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When you submit an application to open a new utility account, the company may run a credit inquiry to determine the likelihood that you'll pay your monthly bill on time. That inquiry is called a "soft inquiry" and will not have an impact on your credit report and score.
Today, utility accounts can actually be used to positively affect your credit report. Read on to find out how.
The Difference Between Hard Inquiries and Soft Inquiries
There are two types of credit inquiries: hard and soft.
- Hard inquiries typically occur when you initiate a credit transaction, such as applying for a loan or credit card. That said, one additional hard inquiry will typically knock less than five points off a person's FICO® Score☉ . Where it can have a greater impact is if you have too many inquiries in a short period. Why? Because it can be a sign of financial distress.
- Soft inquiries, on the other hand, have no effect on your credit score. These typically occur when a prospective lender sends a preapproval offer, or an existing lender runs a credit inquiry during a routine account review. Similarly, utility companies checking your credit are soft inquiries. Checking your own credit report is also considered a soft inquiry.
What to Do About Inquiries You Don't Recognize
If you don't recognize an inquiry on your credit report, don't panic. Many creditors use abbreviations or a parent company name when reporting credit activity. Do a quick online search to try to match the name to a company you did business with.
Another reason may be that you applied for a type of loan where several lenders were competing for business. This often happens with auto loans and mortgages where the dealership or broker sends your application to multiple lenders to shop around for the best rate.
While "rate shopping" inquiries are consolidated into one for credit scoring purposes, you'll still see each one on your credit report.
If neither of these scenarios is the case, it could be a sign that you're a victim of fraud. If you believe someone has stolen your identity, contact the credit reporting agencies, including Experian, Equifax, and TransUnion, to dispute the information. Also, consider adding a fraud alert or freeze to your credit file.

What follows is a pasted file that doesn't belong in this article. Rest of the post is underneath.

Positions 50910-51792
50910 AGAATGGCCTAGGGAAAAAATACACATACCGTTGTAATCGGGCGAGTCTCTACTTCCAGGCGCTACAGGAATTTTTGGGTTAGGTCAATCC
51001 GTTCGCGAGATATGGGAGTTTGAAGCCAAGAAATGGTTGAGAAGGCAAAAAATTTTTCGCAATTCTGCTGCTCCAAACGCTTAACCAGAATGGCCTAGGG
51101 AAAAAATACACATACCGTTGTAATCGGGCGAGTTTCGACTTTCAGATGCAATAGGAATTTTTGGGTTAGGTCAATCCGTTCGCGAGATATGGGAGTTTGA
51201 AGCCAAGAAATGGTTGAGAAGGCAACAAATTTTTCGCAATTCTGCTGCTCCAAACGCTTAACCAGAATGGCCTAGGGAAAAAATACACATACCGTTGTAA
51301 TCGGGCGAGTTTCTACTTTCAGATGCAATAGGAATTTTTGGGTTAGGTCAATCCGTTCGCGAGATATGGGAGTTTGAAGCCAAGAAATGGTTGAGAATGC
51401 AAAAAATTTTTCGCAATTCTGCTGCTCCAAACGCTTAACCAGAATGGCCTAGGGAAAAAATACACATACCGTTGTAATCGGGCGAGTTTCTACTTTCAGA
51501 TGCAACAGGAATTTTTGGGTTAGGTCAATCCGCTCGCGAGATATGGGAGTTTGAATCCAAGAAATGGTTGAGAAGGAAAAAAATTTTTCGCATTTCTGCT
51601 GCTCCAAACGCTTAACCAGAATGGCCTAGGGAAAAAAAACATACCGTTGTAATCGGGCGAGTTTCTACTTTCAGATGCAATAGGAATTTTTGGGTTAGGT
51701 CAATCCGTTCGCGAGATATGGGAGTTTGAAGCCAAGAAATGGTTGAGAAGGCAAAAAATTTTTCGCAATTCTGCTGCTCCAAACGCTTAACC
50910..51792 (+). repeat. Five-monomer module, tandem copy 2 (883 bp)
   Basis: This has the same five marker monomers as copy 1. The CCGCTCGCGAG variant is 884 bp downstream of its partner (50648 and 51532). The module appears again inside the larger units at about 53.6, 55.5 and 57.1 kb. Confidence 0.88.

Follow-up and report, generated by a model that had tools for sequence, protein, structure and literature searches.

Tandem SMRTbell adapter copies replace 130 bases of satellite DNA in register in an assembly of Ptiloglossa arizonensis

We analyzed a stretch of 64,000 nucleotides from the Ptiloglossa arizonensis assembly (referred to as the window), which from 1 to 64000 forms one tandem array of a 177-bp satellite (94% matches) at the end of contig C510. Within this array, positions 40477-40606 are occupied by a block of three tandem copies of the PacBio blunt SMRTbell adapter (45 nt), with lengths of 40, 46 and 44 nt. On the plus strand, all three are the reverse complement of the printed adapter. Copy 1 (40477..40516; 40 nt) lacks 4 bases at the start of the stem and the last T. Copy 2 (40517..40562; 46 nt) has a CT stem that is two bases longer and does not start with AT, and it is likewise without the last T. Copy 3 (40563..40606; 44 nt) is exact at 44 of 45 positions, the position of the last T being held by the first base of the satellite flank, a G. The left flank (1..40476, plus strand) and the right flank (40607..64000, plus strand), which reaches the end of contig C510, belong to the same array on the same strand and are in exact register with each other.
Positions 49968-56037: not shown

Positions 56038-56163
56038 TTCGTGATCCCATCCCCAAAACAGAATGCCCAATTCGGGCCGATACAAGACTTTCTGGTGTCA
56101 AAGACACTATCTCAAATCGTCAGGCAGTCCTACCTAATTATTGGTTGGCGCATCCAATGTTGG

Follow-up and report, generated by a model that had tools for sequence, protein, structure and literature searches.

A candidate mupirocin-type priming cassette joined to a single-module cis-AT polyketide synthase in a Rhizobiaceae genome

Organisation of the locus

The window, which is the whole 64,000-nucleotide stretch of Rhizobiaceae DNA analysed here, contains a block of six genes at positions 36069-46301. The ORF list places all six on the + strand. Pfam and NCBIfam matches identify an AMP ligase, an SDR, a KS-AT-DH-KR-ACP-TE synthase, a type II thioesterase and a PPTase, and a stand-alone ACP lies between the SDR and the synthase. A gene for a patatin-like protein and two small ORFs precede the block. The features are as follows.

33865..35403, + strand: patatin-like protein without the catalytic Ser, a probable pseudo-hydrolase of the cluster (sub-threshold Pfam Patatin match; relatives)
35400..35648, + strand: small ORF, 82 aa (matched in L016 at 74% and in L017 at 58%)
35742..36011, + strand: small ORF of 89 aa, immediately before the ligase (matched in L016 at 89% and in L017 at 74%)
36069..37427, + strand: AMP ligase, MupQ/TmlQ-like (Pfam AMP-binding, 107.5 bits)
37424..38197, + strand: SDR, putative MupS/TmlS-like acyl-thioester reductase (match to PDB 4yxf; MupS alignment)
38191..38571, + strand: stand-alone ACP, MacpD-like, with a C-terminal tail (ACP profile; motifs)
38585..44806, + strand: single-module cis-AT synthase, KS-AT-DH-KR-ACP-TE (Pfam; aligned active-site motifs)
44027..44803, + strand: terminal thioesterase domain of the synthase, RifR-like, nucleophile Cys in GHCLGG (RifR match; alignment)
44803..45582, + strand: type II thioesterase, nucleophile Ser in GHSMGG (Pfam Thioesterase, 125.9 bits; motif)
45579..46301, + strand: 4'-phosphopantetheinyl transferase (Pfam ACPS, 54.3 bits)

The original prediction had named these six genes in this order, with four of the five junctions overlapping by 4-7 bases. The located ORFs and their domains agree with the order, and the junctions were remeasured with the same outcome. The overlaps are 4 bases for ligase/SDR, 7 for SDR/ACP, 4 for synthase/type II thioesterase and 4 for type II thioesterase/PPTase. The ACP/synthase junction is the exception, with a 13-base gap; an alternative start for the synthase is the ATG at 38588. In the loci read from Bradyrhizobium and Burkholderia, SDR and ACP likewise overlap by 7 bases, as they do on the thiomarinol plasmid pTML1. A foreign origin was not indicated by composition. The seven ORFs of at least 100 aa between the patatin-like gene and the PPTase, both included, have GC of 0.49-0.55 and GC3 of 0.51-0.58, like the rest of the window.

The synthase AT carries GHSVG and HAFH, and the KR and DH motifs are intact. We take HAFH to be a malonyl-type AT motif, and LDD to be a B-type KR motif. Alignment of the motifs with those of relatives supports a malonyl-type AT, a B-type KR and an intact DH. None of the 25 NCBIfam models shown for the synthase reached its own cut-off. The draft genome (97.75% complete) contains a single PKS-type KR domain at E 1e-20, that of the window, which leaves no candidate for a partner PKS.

Can Utility Bills Impact Credit Scores?
Utility bill payments typically don't affect your credit score because most utility companies don't report on-time payments to the credit bureaus. The exception is when you're severely delinquent on your payment, and the utility company sends your bill to collections.
At this point, the collection agency will typically report the past-due debt to the credit reporting agencies, which can significantly damage your credit score. The same can happen if the utility company charges off your account, assuming you're not going to pay.
Now, however, your utility payments can have a positive impact on your credit report. Experian Boost™† is a tool that allows you to include utility and telecom payments in your Experian credit file.
Simply give Experian access to your bank account data, verify monthly utility payments, and confirm that you want them included on your credit report. If the new information can increase your credit score, the boost will happen immediately.
Experian Boost doesn't include late utility payments in its calculations, so you don't have to worry about those having the opposite effect.
Ensure That Utilities Help Your Credit
Utility inquiries are only soft inquiries, so they won't hurt your credit. And if you opt in to Experian Boost, your utilities can even help your credit scores.
If you're late on a utility payment or your account has already been sent to collections, try to get caught up on payments or pay off the collections account as quickly as possible. Then work to maintain a positive payment history going forward.
To get a better understanding of where your credit stands, order a free credit report. While a delinquent account can remain on your credit report for seven years, new positive credit activity can reduce its impact over time.
Want to instantly increase your credit score? Experian Boost™ helps by giving you credit for the utility and mobile phone bills you're already paying. Until now, those payments did not positively impact your score.
This service is completely free and can boost your credit scores fast by using your own positive payment history. It can also help those with poor or limited credit situations. Other services such as credit repair may cost you up to thousands and only help remove inaccuracies from your credit report.